Originally posted by luxordelphi
reply to post by Chadwickus
I had provided a link with a few simple tips on telling chemtrails from contrails. I selected a few quotes from the link to post.
Chemtrails or Contrails?
As pointed out by ProudBird, the trouble with this link is that they fail to mention that it is not humidity, but
that determines whether a contrail can persist or not. As air
pressure and temperature decreases, it's ability to hold water vapour decreases. When air is forced higher into the atmosphere, the pressure
decreases, the air expands and cools and once it can no longer hold water vapour it condenses into clouds.
This is what happens in front of an approaching front, which is why you get cirrus formation, along with many other cloud types. This same mechanism
of uplift increases the relative humidity of the atmosphere making contrail formation more likely. This does not mean that conditions for contrails
occur prior to fronts, just that it often makes conditions more favourable. Here is a pretty good explanation of weather formation
including fronts for a layperson.Aviation Weather -
Measurements of relative humidity in a persistent
Cirrus clouds and aircraft contrails in the upper troposphere consist of ice particles with diameters ranging from less than 1 μm to more than
1000 μm. These ice particles directly and indirectly affect the earth's climate (IPCC, 2001). The frequency, duration, and size distributions of
cirrus clouds and contrails depend strongly on the relative humidity with respect to pure ice (RHi) distribution in the upper
Also I'm not saying that what you are seeing is not any form of geo engineering. Just that ground conditions don't always determine atmospheric
conditions at high levels. Therefore you cannot assume that low humidity at ground level precludes contrail formation in the upper atmosphere. I
would recommend reading about weather formation from many sources, as a random person on a chemtrail site often knows just as much or less about
meteorology as you do.
Where does it say that it gets more humid the higher in the atmosphere you go?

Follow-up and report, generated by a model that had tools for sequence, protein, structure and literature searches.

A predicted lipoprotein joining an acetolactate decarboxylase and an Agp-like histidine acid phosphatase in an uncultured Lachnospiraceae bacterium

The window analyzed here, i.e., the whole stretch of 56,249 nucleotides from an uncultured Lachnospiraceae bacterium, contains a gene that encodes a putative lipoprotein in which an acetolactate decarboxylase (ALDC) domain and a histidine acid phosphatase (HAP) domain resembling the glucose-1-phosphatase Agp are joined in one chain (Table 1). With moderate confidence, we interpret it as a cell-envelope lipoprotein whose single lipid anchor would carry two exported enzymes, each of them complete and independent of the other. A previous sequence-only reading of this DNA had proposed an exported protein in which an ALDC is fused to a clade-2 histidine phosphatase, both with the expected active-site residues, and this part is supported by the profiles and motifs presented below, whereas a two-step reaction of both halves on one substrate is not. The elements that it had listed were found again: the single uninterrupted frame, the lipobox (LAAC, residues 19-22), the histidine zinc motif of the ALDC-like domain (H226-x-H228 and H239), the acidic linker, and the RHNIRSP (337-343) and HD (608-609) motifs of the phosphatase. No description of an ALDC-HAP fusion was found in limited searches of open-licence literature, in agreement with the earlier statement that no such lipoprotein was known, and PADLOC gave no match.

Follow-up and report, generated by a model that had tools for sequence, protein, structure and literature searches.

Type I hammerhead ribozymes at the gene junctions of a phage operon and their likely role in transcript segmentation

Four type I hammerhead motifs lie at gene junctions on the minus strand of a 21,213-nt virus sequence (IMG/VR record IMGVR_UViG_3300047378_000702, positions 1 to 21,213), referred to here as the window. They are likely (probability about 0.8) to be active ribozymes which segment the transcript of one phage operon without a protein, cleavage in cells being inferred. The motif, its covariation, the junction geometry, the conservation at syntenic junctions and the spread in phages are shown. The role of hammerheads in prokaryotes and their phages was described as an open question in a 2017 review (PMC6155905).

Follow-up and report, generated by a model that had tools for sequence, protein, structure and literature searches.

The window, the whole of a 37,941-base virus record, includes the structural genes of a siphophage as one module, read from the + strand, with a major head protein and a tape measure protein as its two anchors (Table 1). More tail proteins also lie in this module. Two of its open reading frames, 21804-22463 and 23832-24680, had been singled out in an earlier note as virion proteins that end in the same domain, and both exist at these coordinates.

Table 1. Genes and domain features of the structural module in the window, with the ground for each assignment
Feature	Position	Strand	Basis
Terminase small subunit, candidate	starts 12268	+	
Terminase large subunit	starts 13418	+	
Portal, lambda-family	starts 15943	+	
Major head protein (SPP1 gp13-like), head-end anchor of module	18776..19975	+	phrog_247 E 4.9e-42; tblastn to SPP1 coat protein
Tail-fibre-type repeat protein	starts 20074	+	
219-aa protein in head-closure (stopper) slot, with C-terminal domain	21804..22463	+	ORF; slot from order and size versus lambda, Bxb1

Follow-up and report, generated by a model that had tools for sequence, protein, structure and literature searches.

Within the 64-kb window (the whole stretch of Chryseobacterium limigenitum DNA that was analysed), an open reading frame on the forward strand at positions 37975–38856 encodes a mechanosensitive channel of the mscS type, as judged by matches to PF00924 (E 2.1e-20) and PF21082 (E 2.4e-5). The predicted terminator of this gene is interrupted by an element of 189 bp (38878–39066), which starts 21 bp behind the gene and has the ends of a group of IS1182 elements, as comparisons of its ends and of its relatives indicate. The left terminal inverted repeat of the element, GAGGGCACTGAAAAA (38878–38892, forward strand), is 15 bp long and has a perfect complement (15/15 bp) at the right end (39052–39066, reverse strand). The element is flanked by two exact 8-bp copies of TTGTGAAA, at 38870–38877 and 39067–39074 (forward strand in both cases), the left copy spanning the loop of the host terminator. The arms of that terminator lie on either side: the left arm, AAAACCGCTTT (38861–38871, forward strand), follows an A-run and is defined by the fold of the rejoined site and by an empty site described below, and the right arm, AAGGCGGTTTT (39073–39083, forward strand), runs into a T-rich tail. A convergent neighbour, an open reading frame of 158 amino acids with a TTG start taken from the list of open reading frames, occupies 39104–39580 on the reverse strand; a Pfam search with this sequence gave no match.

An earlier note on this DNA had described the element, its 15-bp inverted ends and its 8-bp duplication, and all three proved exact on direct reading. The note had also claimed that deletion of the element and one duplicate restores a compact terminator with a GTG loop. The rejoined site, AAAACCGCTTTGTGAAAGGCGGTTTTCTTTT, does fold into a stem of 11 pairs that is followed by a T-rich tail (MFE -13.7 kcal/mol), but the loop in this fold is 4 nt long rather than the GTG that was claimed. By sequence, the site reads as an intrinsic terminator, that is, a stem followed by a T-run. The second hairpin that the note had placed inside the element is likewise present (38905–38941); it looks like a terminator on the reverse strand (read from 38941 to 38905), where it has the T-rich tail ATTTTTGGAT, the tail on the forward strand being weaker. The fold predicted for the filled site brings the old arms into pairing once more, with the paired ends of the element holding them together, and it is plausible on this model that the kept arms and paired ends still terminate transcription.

It doesn't always, but it can. Take for example, these
near the site and time of the pics in the OP (the measurements closer to the time than the data the OP used). In this case, the
surface humidity was moderate, but you can see that at varying pressures at different altitudes, the relative humidity can vary considerably. Using
these observations, you can use the Appleman chart to determine that contrail formation was likely at typical airliner altitudes.
Predicting Contrails Using an Appleman Chart
As a better example, here is the
balloon measurements from
Las Vegas, Nevada
a few days ago. They show relatively low humidity at ground level (13%), but much higher relative humidity higher up (66% @
6341m) and at an altitude of 10,480m (34,383 feet) typical of airliners the conditions were conducive for contrail formation.
That's why they are so wierd and have all these wierd optical effects - because they are made from chemicals.
Would you say that this
is a weird optical effect caused by chemicals?
I admit, it does seem pretty weird. And if you define water as a chemical, then you could say it is caused by 'chemicals' as it is due to the
refraction of light through water. This can occur through both water and ice crystals. This is why cirrus (natural or manmade) cloud can produce
'rainbows' by refracting light from the sun or even the moon. These are both from natural cirrus and cirrostratus cloud.
I'm not trying to debunk or offend anyone. But I hope I can promote learning and understanding of the topics at hand
edit on 15/3/12 by
Curious and Concerned because: added las vegas balloon measurements